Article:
I read several descriptions of the bike course before the race, but I somehow missed this: the final stretch along the highway from Kawaihae to Kailua is extremely difficult.  Grueling, even.  Between fatigue, dehydration, intense hot spots, intense heat, headwinds, uphills, and lingering emotional distress, the bike felt as if it would never end.  In fact, it was my slowest segment of the day--keeping within my wattage and heart rate limits brought me down to an 18 mph average for the last twenty-five miles--and it brought down my average speed for the whole ride almost a full mile-per-hour.  It was one of the most difficult segments I've ever had on a bike.  The climb to Hawi was a leisurely spin compared to the return from Kawaihae.             


There were a lot more people in transition this time around!  I used the bathroom and hurried into the tent.  I was in such a hurry that I nearly left all of my gels in my transition bag.  I retrieved them, though, and I headed out on the run.  I was thinking that if I got out of transition before 7:00:00 into the race, I would have a chance to get under 10:00:00.  I ran out at 6:57:40.  Game on! 


Getting off the bike, I didn't feel great.  I felt, in short, that I had worked harder on the bike than I should have.  I wasn't confident that I had enough left for a good run.  My numbers on the bike had been on target, though, and were comparable to what I did at CdA.  In addition, whenever I do a brick, I always feel kinda terrible in the first mile or so.  Thus, I put aside the bad feelings and started running.

I saw Kacie as I turned at Hot Corner about a quarter-mile into the run.  It was the first time I had seen her since before the race started.  It was good to lay eyes on her, but given how excruciating the last ninety minutes of the bike had been, I wasn't feeling great.  Kacie had rented a bike, and she rode alongside me for a little while updating me on the rest of the folks cheering for me, both at the race and at home.  I didn't have much to say to her; I was concentrating on staying relaxed and not running too hard.  Kacie peeled off, and I hit the first mile mark in 6:26.  Soon after, I saw my parents for the first time.  They were PUMPED!  I was inspired to give my dad a high-five, which Anne captured:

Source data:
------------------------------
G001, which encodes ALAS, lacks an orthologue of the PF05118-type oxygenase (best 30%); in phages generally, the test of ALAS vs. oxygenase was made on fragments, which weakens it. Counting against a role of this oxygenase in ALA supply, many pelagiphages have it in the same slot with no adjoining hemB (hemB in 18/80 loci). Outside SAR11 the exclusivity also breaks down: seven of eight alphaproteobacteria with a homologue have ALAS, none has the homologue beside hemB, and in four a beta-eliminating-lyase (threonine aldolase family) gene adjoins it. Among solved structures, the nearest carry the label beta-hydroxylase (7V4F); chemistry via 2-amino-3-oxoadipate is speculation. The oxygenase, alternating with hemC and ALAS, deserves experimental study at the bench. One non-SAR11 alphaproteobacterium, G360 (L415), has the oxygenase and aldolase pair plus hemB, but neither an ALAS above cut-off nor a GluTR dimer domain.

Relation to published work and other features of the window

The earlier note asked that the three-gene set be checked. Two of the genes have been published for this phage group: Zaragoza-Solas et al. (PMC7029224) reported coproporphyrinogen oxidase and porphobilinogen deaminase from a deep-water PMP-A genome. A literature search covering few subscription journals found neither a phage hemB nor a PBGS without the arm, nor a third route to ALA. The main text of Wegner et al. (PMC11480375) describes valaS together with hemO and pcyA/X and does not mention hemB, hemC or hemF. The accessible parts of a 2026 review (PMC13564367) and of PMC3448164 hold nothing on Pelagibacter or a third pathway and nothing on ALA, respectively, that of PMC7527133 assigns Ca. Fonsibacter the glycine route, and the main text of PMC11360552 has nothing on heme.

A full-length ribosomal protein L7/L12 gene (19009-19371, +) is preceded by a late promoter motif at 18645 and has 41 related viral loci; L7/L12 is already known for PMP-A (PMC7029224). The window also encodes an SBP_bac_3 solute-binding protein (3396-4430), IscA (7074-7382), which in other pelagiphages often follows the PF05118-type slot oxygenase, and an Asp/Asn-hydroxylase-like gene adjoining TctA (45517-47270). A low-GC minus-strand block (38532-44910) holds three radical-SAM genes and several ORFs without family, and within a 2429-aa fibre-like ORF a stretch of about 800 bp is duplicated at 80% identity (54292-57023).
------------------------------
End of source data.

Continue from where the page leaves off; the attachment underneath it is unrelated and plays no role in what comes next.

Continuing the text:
Soon after, I saw my teammate Yvonne, and she was almost as loud as my mom!  With that crew behind me, I hit the second mile in 6:48, the third in 6:53, and the fourth in 6:59.  The haze began to lift, and I hit the fifth mile in 6:38.  I saw my Hawaiian host family during mile six, and I realized how much better I felt as I said hello to them.  Perhaps this race would turn out okay! 

I continued in this fashion until about mile ten, which I reached in 1:08:35.  The athlete tracker had some craziness in these splits, claiming that I ran a couple of miles under 6:00.  I didn't.

 (Passing, passing, passing.  I probably passed 300 people in the first ten miles.) 

Just after the ten-mile mark, I took a left and headed up the steep quarter-mile hill on Palani Drive.  It hurt.  A lot.  I crested the hill and turned onto My Nemesis.  The eleventh mile, with Palani hill, was 7:56.  I expected that.  The twelfth mile, which included some downhill was 7:45.  I didn't expect that.  The thirteenth mile was almost entirely downhill.  It was 7:21, and I knew I was in trouble.  The fourteenth was 8:11, and this is where the wheels started really falling off.  I was soon passed for the first time since T1, and after that, a steady stream of runners went by me.  The next seven miles, including the four-mile out-and-back into the Energy Lab, took me over an hour and ten minutes--an average of 10:03 pace.  I was shuffling on the run and walking slowly through every aid station.  I was drenching myself with sponges and dumping ice down the front and the back of my jersey.  I somehow managed to keep eating and drinking, but I was starting to get stomach cramps anytime I swallowed anything.